Over the years I’ve chatted with my share of those who work in law enforcement. That includes several who were dedicated roadies — cycling enthusiasts who liked riding 40 plus miles at a fairly moderate pace. It is a great stress reliever and keeps your lungs in shape.

One was a department sergeant. We rode enough together that occasionally he’d talk about things to let off the proverbial steam as we pedaled. Not things that were specific to cases but general frustrations with what he dealt with on the job.

Based on various snippets from passing conversations with officers and observations in general I came to fully understand what one particular police sergeant called the “90-7-3”.

In a nutshell, 90 percent of the people you come across in life are cordial and try to do the right thing. Roughly 7 percent of those you encounter are in a struggle with — for want of better analogies — good and evil or right and wrong.

The remaining 3 percent are, in varying degrees, the proverbial bad apples. They are what one might describe as part of the anatomy of a donkey’s cousin.

When applied to what the officer who was assigned to the Yuba City police department back in the late 1980s dealt with on the job, he said 90 percent of his time was spent interacting with that 10 percent of the population where they were struggling with good and evil or else had come squarely down on the wrong side of civilization.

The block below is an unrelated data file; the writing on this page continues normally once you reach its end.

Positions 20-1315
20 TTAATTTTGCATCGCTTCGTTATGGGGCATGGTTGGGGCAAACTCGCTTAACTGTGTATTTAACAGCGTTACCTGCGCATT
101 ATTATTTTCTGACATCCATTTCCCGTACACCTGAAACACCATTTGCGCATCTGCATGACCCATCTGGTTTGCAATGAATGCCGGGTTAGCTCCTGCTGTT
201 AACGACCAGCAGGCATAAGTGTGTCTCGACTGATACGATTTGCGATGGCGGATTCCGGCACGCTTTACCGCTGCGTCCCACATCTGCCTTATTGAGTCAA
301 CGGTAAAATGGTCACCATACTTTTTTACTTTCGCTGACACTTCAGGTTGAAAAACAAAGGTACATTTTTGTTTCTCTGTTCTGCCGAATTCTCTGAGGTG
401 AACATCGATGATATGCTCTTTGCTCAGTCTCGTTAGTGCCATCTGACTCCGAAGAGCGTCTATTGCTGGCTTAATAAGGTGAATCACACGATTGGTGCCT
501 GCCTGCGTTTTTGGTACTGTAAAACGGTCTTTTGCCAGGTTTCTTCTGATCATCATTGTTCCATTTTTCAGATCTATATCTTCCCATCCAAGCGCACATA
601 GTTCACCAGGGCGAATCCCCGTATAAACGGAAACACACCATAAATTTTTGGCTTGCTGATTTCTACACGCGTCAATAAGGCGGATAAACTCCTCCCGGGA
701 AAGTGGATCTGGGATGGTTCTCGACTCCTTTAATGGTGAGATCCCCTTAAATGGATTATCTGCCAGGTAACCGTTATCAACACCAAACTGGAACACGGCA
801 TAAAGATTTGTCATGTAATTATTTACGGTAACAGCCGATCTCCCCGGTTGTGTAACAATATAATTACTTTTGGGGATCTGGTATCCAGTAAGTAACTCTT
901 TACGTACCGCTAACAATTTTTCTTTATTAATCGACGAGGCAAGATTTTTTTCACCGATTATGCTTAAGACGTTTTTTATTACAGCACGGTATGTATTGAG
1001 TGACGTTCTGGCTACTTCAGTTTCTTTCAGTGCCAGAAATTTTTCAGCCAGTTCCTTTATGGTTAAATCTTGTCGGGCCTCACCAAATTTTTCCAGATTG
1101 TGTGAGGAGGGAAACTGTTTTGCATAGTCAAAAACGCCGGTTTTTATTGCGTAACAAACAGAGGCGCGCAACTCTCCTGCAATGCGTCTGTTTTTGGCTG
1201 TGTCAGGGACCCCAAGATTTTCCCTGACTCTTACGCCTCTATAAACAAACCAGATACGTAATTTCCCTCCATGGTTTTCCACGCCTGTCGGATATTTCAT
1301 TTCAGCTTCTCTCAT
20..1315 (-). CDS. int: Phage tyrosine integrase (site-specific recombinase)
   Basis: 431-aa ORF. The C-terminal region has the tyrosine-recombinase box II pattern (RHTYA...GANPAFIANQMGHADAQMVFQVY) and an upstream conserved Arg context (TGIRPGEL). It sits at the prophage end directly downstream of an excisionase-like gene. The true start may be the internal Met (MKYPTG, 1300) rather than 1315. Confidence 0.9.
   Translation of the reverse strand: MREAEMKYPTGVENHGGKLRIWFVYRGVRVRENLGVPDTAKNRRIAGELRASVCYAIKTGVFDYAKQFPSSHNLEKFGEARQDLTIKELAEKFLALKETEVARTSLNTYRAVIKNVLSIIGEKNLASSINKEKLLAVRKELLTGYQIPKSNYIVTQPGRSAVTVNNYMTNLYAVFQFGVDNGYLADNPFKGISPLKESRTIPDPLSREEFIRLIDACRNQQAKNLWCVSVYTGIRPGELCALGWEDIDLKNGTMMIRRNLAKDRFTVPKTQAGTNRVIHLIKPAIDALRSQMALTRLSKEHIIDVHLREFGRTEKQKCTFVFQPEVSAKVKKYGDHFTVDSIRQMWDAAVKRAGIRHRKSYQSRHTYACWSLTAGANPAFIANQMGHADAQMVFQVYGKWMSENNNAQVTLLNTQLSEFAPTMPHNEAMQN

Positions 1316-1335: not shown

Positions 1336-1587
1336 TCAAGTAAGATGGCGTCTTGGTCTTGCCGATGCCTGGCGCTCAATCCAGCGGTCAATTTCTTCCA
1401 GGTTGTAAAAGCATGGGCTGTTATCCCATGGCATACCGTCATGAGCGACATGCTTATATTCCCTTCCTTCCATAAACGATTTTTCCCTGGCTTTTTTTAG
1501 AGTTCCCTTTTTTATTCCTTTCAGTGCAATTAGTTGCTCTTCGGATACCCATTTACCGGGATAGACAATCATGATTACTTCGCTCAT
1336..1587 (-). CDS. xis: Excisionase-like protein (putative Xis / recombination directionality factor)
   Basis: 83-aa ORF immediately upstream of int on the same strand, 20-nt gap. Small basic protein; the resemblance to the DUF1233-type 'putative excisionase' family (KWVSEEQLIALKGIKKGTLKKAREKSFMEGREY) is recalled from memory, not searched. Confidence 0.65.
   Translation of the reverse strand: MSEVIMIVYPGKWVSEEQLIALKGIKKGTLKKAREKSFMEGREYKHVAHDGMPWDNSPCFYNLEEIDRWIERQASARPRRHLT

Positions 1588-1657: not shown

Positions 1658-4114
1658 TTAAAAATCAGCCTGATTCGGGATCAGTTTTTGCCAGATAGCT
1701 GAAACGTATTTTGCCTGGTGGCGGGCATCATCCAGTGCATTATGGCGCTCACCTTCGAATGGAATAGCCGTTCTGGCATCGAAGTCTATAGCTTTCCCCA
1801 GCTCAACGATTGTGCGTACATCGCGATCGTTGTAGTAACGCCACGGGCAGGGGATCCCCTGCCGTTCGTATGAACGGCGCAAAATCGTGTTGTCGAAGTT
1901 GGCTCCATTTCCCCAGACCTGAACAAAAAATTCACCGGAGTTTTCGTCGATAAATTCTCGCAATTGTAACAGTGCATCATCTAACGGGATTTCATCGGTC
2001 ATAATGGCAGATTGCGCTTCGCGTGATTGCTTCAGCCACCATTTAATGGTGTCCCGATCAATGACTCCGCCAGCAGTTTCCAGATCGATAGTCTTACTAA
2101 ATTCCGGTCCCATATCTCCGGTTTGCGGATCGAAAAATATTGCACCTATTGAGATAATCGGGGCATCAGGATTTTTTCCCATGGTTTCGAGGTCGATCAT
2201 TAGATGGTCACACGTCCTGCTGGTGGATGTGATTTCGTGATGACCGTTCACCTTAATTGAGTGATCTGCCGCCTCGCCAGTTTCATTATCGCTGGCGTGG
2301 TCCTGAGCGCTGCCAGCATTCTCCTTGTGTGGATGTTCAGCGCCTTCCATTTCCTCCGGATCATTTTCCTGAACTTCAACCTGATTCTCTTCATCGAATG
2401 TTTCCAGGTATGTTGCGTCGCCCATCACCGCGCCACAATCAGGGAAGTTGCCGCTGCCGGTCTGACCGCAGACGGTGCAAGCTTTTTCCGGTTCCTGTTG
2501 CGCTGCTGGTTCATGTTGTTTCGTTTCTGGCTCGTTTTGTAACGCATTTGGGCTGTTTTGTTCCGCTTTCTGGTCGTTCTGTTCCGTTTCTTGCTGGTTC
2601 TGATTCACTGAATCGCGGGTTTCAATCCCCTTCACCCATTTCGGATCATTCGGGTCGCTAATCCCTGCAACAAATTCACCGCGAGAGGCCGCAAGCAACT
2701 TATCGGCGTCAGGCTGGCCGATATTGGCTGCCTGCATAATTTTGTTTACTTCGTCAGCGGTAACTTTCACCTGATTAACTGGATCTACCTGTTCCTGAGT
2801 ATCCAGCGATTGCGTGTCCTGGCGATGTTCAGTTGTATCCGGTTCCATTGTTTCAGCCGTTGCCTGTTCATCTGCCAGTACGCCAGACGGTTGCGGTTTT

His point dovetails well into one members of law enforcement officers will often make. People are always happy to see firefighters when they come across them. The reason is simple. They are the ones that show up when a loved one is suffering from a medical emergency or an accident or to combat a fire. In the vast number of instances the interaction ends with a good outcome.

Police on the other hand are the ones you see when there is bad news that is much murkier — domestic violence, robberies, burglaries, shootings, murders, terroristic behavior substance induced or otherwise, neighbor disputes and even traffic tickets.

Even when they do “good” by getting an abusive parent out of a house, they are the ones who took mommy or daddy away.